Page 3, 24th November 2000

24th November 2000
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Page 3, 24th November 2000 — Bishops lay plans for the future at autumn meeting
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Locations: Cardiff, Leeds

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Bishops lay plans for the future at autumn meeting

They discussed education, vocations, Europe and asylum. But child abuse dominated proceedings, reports

Citra Sidhu

THE BISHOPS' conference of England and Wales focused on six issues including vocations, child protection within the Church and education, at their meeting in Leeds last week. Thirty-one bishops of England and Wales attended the five-day conference. which took place at the diocesan curial offices at Hinsley Hall.

THE bishops welcomed the involvement of the Nolan Committee in a review of the Church's child protection guidelines. A preliminary report will be published next April. At a press conference on Monday, Archbishop Cormac Murphy-O'Connor said: "We have asked the Nolan Committee to look at the guidelines to see how we

can tighten them. For example we need to ensure the selection procedures are OK."

Speaking of the recent conviction of paedophile Fr Joe Jordan in Cardiff, he said: "We have to ask how such a man was able to get through the process. There is no question that the Nolan Committee recommendations will be implemented."

He added: "One thing about the Church when things like this happen, we are determined to do whatever we can to make sure that the mistakes of the past do not happen in the future. The Church right through the ages has had those who have sinned profoundly, and we thank God that they are a tiny minority, but this has never affected the Church's teaching and speak

ing out for what the Christian faith demands."

Commenting on society's values and youth, Archbishop Murphy-O'Connor said that the trivialisation of sex was detrimental to society and young people in particular, who were barraged with sex "outside the context of marriage and life". He warned: "This is having a very profound effect."

The archbishop criticised the "unfettered individualism" prevalent in society.

He said: "People think that what is good is just what's good for 'me'. This selfishness is damaging society. There are values that should be held by everybody. Therefore you need new voices to address certain things in this country and I'll be one of them." The bishops also discussed young people and World Youth Day. Archbishop Murphy-O'Connor said: "We did not think that young people were really alienated from the Christian faith. But how do you cast out the net to them within our culture?"

The conference decided that it would combine the Conference of Diocesan Vocations Directors and the bishops' conference Diocesan Vocations Service of England and Wales.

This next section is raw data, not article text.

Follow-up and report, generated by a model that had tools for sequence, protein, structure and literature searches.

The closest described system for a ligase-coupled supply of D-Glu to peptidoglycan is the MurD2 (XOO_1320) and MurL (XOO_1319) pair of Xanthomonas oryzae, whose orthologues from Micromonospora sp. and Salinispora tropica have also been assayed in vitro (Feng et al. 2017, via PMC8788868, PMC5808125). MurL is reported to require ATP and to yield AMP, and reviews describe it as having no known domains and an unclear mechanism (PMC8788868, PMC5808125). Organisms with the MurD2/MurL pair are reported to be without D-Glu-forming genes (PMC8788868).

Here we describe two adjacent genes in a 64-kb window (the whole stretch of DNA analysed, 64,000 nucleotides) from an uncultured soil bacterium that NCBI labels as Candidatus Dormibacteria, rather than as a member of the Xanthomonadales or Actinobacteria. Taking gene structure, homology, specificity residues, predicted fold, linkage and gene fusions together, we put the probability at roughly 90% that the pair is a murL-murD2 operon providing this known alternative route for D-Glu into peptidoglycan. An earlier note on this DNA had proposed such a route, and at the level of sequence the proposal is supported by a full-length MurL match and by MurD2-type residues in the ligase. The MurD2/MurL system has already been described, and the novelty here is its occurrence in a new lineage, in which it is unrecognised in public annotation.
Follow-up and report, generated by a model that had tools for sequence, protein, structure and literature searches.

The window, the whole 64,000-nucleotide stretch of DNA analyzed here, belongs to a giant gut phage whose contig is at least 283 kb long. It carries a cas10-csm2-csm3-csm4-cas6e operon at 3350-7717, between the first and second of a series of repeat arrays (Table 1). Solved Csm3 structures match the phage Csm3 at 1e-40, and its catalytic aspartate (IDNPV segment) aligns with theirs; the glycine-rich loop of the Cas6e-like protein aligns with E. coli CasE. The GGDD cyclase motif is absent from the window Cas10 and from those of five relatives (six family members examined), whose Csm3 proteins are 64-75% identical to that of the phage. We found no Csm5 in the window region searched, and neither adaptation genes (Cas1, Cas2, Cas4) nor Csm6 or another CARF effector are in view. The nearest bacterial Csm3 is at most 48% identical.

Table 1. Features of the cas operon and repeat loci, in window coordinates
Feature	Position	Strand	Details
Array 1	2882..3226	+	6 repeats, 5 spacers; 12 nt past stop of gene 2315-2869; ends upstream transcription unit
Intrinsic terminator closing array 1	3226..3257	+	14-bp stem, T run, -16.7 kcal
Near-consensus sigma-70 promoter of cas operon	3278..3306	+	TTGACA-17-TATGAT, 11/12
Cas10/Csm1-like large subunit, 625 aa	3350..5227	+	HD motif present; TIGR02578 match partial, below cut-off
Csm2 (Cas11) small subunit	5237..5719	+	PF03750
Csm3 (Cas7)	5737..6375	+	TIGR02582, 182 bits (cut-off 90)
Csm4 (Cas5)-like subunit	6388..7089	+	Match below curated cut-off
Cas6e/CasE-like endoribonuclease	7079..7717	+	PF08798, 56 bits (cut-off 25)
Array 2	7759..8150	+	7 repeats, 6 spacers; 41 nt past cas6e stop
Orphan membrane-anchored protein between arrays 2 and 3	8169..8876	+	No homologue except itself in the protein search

Fr John Armitage, vocations director for the Brentwood diocese, called the move a "tidying up". He said: "It's two-fold. Firstly, we're tidying up our present structures. The bishops also want to set up a new agency for evangelisation and one thing vocations directors are saying is that at the heart of it needs to be an office for vocations."

Fr Armitage said that it was not a new programme. He said: "This is a very important distinction. Vocations don't come because of a new poster. They come because people living the Christian life are inspired by those around them. Evangelisation and vocations arc two sides of the same coin. The key element is discovering God's will. My vocation wasn't firstly to be a priest. It was to discover God's will. In trying to do this, I ended up a priest."

This was the basis for the 1997 European Congress of Vocations' document In Verbo Tuo: New Vocations for a New Europe. Fr Armitage said: "There are no easy throwaway answers on the way forward.

Today's culture is very antivocation. It is weak right across the board from the priesthood to nursing. We need to strengthen this, which is what we intend to do."

The bishops expressed their gratitude to the British and Irish governments for their influence in obtaining an acceptable compromise to the draft European Union Directive on Employment, which is to be incorporated into national legislation.

Nicholas Coote, assistant general secretary to the bishops' conference said: "It was a fascinating turnaround. A lot of it was due to the stand of the Irish government. There was the danger that the wording of the initial draft removed the right of churches, in their educational and social institutions, to control who they employed as is guaranteed under British law.

"This new draft doesn't contravene anybody's rights. It's pretty good. It makes sure that the Church can refuse to appoint people who are unsympathetic to its ethos. This also goes for those already employed, if they then demonstrate through their activities that they are in opposition to the teachings of the Catholic Faith. It seems to me you can't pussyfoot around.

"It is clearly a different matter in the case of a person who does not agree with the Church's teaching, but is willing to teach it."

The bishops welcomed the Government's programme to protect asylum seekep, from

social exclusion and harassment. They particularly welcomed the review of the voucher system and the move to enable shops to give change to voucher users. They also applauded the creation of a central body to ensure that successful applicants have access to accommodation and employment and educational opportunities.

However, the bishops continued to express concern about the "increasing violence and hostility towards asylum seekers" and called on politicians and the media to ensure that the asylum debate is conducted in a positive and balanced way.




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